far away things and solid air

I'm sure you've heard that the Spirit Mars rover successfully landed today. Up-to-the-minute updates are at spaceflightnow.com, including pictures.

Yesterday, a probe called Stardust intercepted comet Wild 2, where it scooped up particles for eventual return to earth (when they will then turn us all into naked space vampires.)

And what better time to read about this crazy material called "aerogel": it's basically a glass foam sponge with nanometer-scale cells. It has the density of air, and barely conducts heat. It's used in space shuttle tiles, and now they're using a giant scoop of the stuff to catch comet particles. More cool pictures here (the brick one is especially cool.) Lots more details at LBL.

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15 Responses:

  1. frumiousb says:

    Hey, I read that book when I was in high school. Must have been good cheese. I remember it vividly.

  2. fo0bar says:

    Not to nitpick, but aeorgel is ever so slightly denser than air. If it would be just as dense as air, it would be... umm, air.

    But personally, I love the pic of the crayons on top of the aerogel, being heated from underneath by a torch. I've been trying to find somebody who would sell it to an individual, without success.

  3. macguyver says:

    And they make jackets out of it, which are fantastically expensive and very warm.

    My understanding is that the original jacket they made was good but people working in antarctica found that it was too warm, and they had to remove insulation.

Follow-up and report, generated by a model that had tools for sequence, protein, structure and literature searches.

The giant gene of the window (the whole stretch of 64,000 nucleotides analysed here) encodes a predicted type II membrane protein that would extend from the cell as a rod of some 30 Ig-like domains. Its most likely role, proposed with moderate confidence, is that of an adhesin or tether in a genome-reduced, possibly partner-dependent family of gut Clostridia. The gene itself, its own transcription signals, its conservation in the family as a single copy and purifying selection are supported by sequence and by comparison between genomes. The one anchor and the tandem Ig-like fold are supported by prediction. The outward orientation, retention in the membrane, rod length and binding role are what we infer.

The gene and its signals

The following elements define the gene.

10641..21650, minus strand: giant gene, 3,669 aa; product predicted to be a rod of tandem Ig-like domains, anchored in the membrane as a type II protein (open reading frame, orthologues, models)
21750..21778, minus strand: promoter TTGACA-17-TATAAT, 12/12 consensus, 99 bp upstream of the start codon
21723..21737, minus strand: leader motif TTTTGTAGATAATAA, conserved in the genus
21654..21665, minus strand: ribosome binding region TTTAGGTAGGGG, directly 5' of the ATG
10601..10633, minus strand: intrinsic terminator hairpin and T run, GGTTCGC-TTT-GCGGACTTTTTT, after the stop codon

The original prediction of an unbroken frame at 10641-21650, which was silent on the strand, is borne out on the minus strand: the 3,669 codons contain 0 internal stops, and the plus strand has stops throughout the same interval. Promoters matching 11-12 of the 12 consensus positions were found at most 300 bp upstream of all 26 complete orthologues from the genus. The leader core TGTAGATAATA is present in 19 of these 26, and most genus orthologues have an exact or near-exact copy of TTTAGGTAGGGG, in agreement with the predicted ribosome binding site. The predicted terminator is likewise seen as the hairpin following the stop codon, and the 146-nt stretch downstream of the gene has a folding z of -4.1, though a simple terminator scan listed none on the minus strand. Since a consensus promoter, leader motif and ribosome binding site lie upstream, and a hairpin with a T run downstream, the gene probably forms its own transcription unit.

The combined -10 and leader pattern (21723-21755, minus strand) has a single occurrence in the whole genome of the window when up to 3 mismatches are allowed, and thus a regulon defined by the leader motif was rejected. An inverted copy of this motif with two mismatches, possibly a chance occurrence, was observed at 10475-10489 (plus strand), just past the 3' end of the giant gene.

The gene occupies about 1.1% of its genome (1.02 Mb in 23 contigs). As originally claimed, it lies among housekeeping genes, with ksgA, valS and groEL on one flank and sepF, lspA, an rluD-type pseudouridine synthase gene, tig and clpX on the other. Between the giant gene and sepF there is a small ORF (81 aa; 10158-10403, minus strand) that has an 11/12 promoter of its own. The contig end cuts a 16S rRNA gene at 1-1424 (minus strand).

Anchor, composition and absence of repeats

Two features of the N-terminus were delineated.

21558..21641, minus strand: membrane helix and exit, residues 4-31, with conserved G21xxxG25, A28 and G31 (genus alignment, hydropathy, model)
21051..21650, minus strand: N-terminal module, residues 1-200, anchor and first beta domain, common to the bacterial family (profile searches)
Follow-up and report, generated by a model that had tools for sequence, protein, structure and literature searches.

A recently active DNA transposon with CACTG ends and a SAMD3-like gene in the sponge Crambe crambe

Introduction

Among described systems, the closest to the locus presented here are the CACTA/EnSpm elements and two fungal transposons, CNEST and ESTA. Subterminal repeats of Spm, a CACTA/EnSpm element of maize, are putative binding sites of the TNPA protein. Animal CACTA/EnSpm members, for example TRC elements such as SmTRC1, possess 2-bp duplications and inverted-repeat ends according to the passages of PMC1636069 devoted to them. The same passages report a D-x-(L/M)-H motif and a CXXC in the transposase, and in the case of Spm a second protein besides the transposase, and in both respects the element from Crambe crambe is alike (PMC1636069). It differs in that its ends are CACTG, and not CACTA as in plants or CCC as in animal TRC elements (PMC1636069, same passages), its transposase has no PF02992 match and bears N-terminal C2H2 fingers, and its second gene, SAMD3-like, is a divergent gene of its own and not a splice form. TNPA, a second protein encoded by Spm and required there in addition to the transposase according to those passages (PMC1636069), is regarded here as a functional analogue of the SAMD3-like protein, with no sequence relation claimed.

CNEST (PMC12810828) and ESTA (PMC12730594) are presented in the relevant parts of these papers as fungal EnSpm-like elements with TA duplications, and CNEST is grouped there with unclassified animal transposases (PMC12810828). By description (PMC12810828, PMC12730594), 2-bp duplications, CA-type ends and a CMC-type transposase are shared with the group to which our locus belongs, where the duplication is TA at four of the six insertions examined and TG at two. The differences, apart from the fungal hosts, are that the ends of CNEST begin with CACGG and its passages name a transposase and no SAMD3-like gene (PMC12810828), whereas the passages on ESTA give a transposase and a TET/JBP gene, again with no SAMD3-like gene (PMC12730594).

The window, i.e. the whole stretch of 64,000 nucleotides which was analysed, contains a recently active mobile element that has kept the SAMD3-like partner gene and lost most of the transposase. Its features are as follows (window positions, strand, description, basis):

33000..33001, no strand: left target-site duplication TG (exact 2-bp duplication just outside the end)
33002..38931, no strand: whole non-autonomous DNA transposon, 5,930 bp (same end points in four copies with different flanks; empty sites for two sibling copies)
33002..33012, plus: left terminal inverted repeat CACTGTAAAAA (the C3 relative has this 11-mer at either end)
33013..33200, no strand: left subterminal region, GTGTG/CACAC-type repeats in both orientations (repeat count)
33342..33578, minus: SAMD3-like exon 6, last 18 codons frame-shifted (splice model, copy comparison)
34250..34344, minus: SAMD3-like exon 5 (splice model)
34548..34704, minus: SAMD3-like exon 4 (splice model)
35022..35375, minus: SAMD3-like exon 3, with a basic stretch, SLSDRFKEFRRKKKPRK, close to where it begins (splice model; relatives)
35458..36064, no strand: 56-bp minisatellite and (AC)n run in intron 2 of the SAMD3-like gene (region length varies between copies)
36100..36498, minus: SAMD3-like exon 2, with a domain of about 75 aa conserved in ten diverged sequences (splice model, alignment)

4. kiad says:

    That is the coolest stuff I'd seen in a while. Must... not.. buy... One of the manufacturer pages mentions that a lot of artists are using it... I wonder who and what they are doing with it.

  5. badger says:

    I'm looking forward to the price of aerogel dropping precipitously if anyone figures how to make the stuff in quantity: I'm a big fan of hyperinsulated homes as energy-efficient, and this stuff looks like magic for that purpose. In a few years, maybe. We'll see.

  6. nutznboltz says:

    The picture of Particle Tracks in Aerogel from an air gun used on some silica aerogel combined with the fact that silica aerogels are used as dectors for Cherenkov radiation made me wonder if there are visible tracks from in silica aerogels that have been used as dectors and if anyone has any picture references to this.

  7. And guess what. You can buy it on eBay. $30 bucks a pop. Not bad.

  8. loosechanj says:

    It's not used in shuttle tiles. Well, not yet anyway. I've seen it suggested as a patch material, but IIRC it wouldn't be a very good choice. I.e. there's some doubt about how well it would cure in space minus air pressure and gravity. This article describes why it's being used in the Stardust probe. They used it for Pathfinder too. This is a mindblower:

    • jwz says:

      Hmm, while I was googling around, I read something that seemed to say that it was being used in the shuttle tiles as of 1998 or so, but maybe I misunderstood.

  9. nothings says:

    Wow, awesome, now there's a practical application for this graphics rendering algorithm (picture of something that looks a lot like aerogel) I wrote a couple years ago.

    [The algorithm renders 'volumetric fog', and the demo is of fog in a rectangular box shape. The simulated volumetric fog is as if the space within some fixed density of particles. In real life fog never has such a sharp cutoff, but hey, aerogel is a collection of some fixed density of particles with sharp finite boundaries.]